Sunday was Mother's Day. Mama Culinarian lives in Connecticut but my mom and sister are both local and since we were celebrating, I decided that the occasion merited a cake. A girly, fancy confection.
In the moment, the most feminine thing I could think of was the delightful and lovely shade that pink lemonade has (Perhaps I was thirsty? Dehydrated?). And, thus, an idea formed to create a strawberry lemon layer cake, a pink and yellow one dressed up with some fondant icing and some sugar flowers.
This required a trip to a local cake supply store, The Little Bitts Shop in Wheaton, MD. It is crammed floor-to-ceiling with anything a baker could want. I filled my basket with sugar flowers, some fondant (I recommend Satin Ice), and my new best friends, flavor concentrates. Stronger by far than extract, these concentrates will flavor your whole cake with only a few drops (4-6 drops do the work of a whole teaspoon of extract). They rock.
Back home, I went to my standby yellow cake recipe by Judy Rosenberg. It can be found in her utterly shameless book, Rosie's Bakery All-Butter, Fresh Cream, Sugar-Packed, No-Holds-Barred Baking Book, which, to date, has not failed me.
I made the batter, divided it, and colored and flavored 2/3 of it strawberry (pink) and 1/3 lemon (no food coloring). I baked the cakes in 8" round pans, split the strawberry cake in half, and filled and iced the three-layer cake with buttercream. Making your own buttercream is super easy and so worth it. It just tastes better and you only have 3 ingredients -- butter, cream, and sugar -- as opposed to the canned chemical-filled icing you get at the grocery store.
Then came the fondant.
Should you ever feel compelled to use fondant, bear in mind that your first attempts might imperil an otherwise healthy sense of self-worth. The effect is multiplied should you decide (as I did) to ice a cake with fondant while running late to Sunday brunch! You will be humbled in no time. Fondant is...trying. It rips. It fails to roll out evenly. It cracks. Worst of all, it sticks to counter tops.*
But lookie here! Pretend you don't see the slightly wonky, lumpy fondant. Voila: The girliest of Mother's Day cakes for my mom and sister, who are ever-loving and ever-giving to their kids, through the sweet (strawberry) and sour (lemon).
*Full disclosure: This may have happened to me. Numerous times. There may have even been loud cursing in the kitchen, the sort of language you never use in front of your mother, but eagerly direct at her Mother's Day cake. To prevent sticking, use confectioners sugar (a good amount) and save yourself from fondant-tastrophies.
2 1/4 cups plus 3 tablespoons of sifted cake flour (measure after sifting)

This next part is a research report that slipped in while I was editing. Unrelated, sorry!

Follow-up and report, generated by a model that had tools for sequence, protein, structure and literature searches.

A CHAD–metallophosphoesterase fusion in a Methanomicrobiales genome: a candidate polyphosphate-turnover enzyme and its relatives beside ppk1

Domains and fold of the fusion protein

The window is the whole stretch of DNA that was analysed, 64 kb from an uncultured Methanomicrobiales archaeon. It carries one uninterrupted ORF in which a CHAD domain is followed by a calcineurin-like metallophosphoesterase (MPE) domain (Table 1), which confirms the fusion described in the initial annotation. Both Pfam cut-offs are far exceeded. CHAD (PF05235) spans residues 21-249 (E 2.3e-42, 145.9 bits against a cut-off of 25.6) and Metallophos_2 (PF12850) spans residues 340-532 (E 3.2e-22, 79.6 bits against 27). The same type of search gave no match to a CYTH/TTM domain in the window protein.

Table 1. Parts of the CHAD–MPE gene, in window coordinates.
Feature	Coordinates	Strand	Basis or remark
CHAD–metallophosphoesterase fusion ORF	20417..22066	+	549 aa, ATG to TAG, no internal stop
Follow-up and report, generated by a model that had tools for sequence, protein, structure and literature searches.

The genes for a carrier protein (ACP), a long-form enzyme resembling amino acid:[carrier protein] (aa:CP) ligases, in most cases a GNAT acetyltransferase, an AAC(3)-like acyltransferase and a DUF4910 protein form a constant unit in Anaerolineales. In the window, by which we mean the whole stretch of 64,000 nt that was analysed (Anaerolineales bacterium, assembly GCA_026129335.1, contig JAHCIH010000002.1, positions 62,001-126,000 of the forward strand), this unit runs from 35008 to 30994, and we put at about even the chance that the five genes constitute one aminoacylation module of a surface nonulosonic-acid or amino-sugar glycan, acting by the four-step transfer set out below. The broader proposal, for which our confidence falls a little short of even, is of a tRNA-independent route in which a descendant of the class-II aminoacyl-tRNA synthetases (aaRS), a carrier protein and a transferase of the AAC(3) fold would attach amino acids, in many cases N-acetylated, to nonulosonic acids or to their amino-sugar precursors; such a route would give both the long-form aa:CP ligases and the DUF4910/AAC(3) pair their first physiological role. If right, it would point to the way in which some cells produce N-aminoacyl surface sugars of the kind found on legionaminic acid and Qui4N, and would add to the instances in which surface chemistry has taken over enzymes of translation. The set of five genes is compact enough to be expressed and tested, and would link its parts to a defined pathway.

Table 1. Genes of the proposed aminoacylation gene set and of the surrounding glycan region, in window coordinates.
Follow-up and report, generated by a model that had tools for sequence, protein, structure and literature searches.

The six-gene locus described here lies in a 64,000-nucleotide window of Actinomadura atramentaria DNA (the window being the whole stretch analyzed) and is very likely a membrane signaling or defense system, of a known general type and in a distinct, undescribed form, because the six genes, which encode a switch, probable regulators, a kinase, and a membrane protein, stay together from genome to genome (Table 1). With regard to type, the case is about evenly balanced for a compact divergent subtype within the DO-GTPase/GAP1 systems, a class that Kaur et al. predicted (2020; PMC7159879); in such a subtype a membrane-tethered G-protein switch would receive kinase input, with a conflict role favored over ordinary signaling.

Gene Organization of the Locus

3/4 teaspoon baking soda
2/4 teaspoon baking powder
1/2 teaspoon salt
1 cup plus 2 tablespoons (2 sticks plus 2 tablespoons) unsalted butter, at room temperature.
1 1/4 cups plus 1 tablespoon sugar
4 large egg yolks, at room temperature
1 large whole egg, at room temperature
3/4 cup sour cream, at room temperature
Preheat the oven to 350. Lightly grease 2 8-inch round cake pans with vegetable oil or butter, or line them with parchment circles.
Resift or whisk the flour with the baking soda, baking powder, and salt in a small bowl.
Cream the butter and sugar in a mixing bowl with an electric mixer on medium high speed until light and fluffy, about 2 minutes. Stop the mixer twice to scrape the bowl with a rubber spatula.
Add the yolks one at a time, blending for 5 seconds on medium-low speed after each addition. Scrape the bowl each time. Then add the whole egg and mix until blended, 10 seconds.
Add one-third of the dry ingredients to the butter mixture by stirring them in lightly with the rubber spatula so that the liquid is absorbed. Then turn the mixer on low to blend partially, about 5 seconds. Scrape the bowl.
Add half of the sour cream and blend in with several broad strokes of the spatula. Then fold in another third of the dry ingredients by hand, followed by the remaining sour cream, and then the rest of the dry ingredients. Turn the mixer to low and blend until the batter is velvety, 10 seconds.
Divide the batter into two bowls: 1/3 of the batter in one bowl and 2/3 in the other. In the bowl with 2/3 of the batter, add 10 or 11 drops of strawberry concentrate with a dropper. Add food coloring until you achieve a desired shade of pink. Mix for 10 seconds. In the bowl with 1/3 batter, add 6-8 drops of lemon concentrate. Mix for 10 seconds. Place the strawberry batter in one of the prepared pans and the lemon batter in the other and place them on the center rack in the oven.
Bake until the layers spring back to the touch and a tester inserted in the center comes out dry, 35 minutes. Cool completely before frosting.
Split the strawberry layer in half. If you have a cake splitter, this will be made easier but if not, a serrated long knife such as a bread knife will work as well. If your cakes have domed tops, trim them flat.
Use an offset spatula to fill the cake with buttercream. The layers should be strawberry/lemon/strawberry. Crumb coat the top and sides. This will allow the fondant to adhere to the cake.
Using a good amount of confectioners sugar, dust the surface where you will be rolling out the fondant. Take a chunk of fondant and knead it until it is pliable. An amount slightly bigger than a baseball should be sufficient. Form a disk, then roll it out into a circle, much as you would for pie dough. Once it is rolled, drape it over the cake and smooth it over the top and down the sides. Trim overhanging edges. Add sugar flowers or other decorations and you are done!